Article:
FIG. 2 is an exemplary and non-limiting flowchart 200 for reading a configurable module, allowing a user to view the configurable module and allowing a user to edit the configurable module. In S210 the CMVE reads the RTL design file or files that define a configurable module. The CMVE makes note of all non-macro configuration options such as pragmas and parameter definitions. In S220 the CMVE determines all macro combinations. The CMVE identifies all macro keywords referenced in 'ifdef statements. The CMVE recognizes boolean combinations of macro keywords e.g., 'ifdef M1&!M2 uses macro-combination M1&!M2. The CMVE recognizes nested 'ifdef statements and flattens them by ANDing the outer macro expression with the inner macro expression.

The CMVE has to capture the whole intent of the design irrespective of the areas which will become active under different macro combinations. The CMVE does a text based parsing of the RTL input. While parsing the RTL files the CMVE maintains a stack that keeps track of macro applicability. This stack increases and decreases in size as the CMVE encounters 'ifdef and 'endif statements. To find out the macro applicability for a specific RTL object, the CMVE does the ANDING of contents of the stack from bottom to top. For example, if the contents of the stack are M1, M2, and M3 where M3 is the top of the stack, then the applicable macro condition would be M1&M2&M3. Else branches of the Macros are represent by 'else or 'ifndef in the RTL and the CMVE captures them in the stack using the NOT(!) operator. For example the “else” branch of 'ifndef M1 would be captured as !M1. It is possible to have RTL files included in other RTL files. The CMVE traverses through all the include files and ensures that the current state of the stack is extended to note the include file under consideration.

In S230 the CMVE marks each RTL object with its macro dependency. The CMVE does this by generating a data structure that associates a boolean, macro expression with each RTL object. In S240 the CMVE optimizes its list of macro combinations by removing duplicates and unused combinations.

The CMVE allows a user to specify macros to be ignored. The user may not want to maintain configurability in terms of those macros. Ignoring macros will make the CMVE faster by reducing the number of macro combinations.

The CMVE further optimizes the macro-combinations generated by the parser in S220 as follows:

1) Macro-combinations which cannot be valid are removed. For example, the macro X can be defined in the RTL and in CMVE run-time parameters (e.g., on the CMVE command line). The macro-combination !X&Y cannot be valid if X is defined.

2) Macro-combinations depending on undefined macros e.g., (!X&!Y or !Z) and (!A&!B) are combined into one macro-combination where all macros are undefined, e.g., (!A&!B&!X&!Y&!Z).

3) Macro-combinations having macros to be ignored are removed.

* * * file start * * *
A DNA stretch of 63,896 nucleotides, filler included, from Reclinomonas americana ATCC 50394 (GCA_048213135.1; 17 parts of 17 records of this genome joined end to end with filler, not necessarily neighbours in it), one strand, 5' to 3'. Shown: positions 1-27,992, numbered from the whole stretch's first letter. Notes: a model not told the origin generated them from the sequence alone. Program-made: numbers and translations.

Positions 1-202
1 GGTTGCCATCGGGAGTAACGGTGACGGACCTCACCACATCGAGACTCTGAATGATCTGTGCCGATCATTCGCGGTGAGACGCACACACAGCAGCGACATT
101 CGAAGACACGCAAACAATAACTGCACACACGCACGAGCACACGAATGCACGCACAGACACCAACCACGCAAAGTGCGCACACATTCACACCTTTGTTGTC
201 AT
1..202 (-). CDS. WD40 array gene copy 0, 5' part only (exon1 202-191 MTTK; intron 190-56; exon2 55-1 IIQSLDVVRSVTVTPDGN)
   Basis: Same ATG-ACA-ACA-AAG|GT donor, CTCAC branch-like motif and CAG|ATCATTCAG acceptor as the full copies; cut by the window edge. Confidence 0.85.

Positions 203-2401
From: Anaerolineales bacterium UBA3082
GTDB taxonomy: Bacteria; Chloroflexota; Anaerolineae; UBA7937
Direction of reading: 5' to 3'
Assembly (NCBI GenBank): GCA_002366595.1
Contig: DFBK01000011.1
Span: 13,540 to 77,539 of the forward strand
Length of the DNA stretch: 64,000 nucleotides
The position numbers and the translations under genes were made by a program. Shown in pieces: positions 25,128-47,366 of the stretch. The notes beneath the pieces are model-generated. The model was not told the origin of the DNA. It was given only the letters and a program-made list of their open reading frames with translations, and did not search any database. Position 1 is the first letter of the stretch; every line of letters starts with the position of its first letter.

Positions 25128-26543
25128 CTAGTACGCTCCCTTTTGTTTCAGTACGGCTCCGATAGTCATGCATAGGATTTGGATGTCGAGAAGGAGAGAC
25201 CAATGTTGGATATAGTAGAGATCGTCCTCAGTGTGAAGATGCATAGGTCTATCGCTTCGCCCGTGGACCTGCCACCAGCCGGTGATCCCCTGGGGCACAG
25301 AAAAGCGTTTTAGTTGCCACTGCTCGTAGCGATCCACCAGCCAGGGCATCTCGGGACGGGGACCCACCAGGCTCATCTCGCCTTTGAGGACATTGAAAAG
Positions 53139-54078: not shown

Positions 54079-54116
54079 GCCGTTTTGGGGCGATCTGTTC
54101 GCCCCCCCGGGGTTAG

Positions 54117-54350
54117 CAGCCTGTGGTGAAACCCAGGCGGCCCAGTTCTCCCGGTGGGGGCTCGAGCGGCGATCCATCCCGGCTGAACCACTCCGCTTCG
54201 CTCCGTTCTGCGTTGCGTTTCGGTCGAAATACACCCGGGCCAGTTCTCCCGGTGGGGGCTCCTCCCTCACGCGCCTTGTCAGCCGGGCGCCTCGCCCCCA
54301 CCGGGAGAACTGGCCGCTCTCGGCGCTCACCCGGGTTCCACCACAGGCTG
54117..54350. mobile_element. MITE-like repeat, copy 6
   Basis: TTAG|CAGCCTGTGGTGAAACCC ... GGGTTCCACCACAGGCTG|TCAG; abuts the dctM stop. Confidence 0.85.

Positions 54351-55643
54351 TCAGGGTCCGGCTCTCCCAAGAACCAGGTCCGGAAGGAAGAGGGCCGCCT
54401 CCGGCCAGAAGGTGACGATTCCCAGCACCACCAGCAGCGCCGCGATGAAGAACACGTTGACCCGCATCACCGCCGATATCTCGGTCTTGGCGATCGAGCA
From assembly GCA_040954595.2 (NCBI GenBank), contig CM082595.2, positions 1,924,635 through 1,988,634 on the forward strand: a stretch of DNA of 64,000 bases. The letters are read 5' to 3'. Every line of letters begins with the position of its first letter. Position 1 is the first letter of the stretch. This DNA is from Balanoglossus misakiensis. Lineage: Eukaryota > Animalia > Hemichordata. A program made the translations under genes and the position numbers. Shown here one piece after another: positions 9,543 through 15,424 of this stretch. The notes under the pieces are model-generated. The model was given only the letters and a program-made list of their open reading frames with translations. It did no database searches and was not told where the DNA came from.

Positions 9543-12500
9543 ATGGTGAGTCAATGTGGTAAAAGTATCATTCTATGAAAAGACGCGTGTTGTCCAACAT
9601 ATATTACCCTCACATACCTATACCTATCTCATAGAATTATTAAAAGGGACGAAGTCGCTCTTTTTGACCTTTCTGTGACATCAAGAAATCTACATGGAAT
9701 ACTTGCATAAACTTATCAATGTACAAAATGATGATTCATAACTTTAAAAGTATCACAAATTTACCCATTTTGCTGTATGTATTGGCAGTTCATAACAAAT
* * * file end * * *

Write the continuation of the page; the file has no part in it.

Many RTL designs contain syntactic errors in unused or rarely-used macro-combinations. The CMVE reports those macro-combinations which result into syntax errors and continues to process macro-combinations with valid syntax. If the CMVE discovers a syntax error in the case where all macros are undefined it tries successive macro-combinations until it finds a macro-combination without syntax errors. After finding a successful macro-combination, the CMVE attempts to merge the remaining macro-combination.

The complete SOC RTL can have hundreds of unique macro combinations. The CMVE maintains a database containing RTL objects for every macro-combination. This database is large for a complete large-scale SOC design. The user can process a sub-set of the complete SOC design to limit the size of the CMVE database. For example, the user may want to treat the top level design and only a few specific sub-systems. The user specifies the full RTL design of the sub-systems of interest and specifies the interface definition for the other sub-systems. The CMVE ensures that unique macro combinations which are only part of the interface-only sub-systems are not considered for merging.

The CMVE has an option where it can ignore unique global macro combinations. A global macro combination is a macro combination present in the global scope, which is outside a module boundary.

In S250 the CMVE starts to loop over the possible macro combinations. On the first iteration at S250 the CMVE identifies the first macro combination. On subsequent iterations the CMVE identifies the next macro combination. In S250 the CMVE instantiates the RTL objects associated with the identified macro combination. The CMVE adds the RTL objects to a database and tags them with the identified macro combination. In 5260 the CMVE checks if there are more macro combinations. If the CMVE finds more macro combinations it loops back to S250. If the CMVE does not find more macro combinations it proceeds to S270.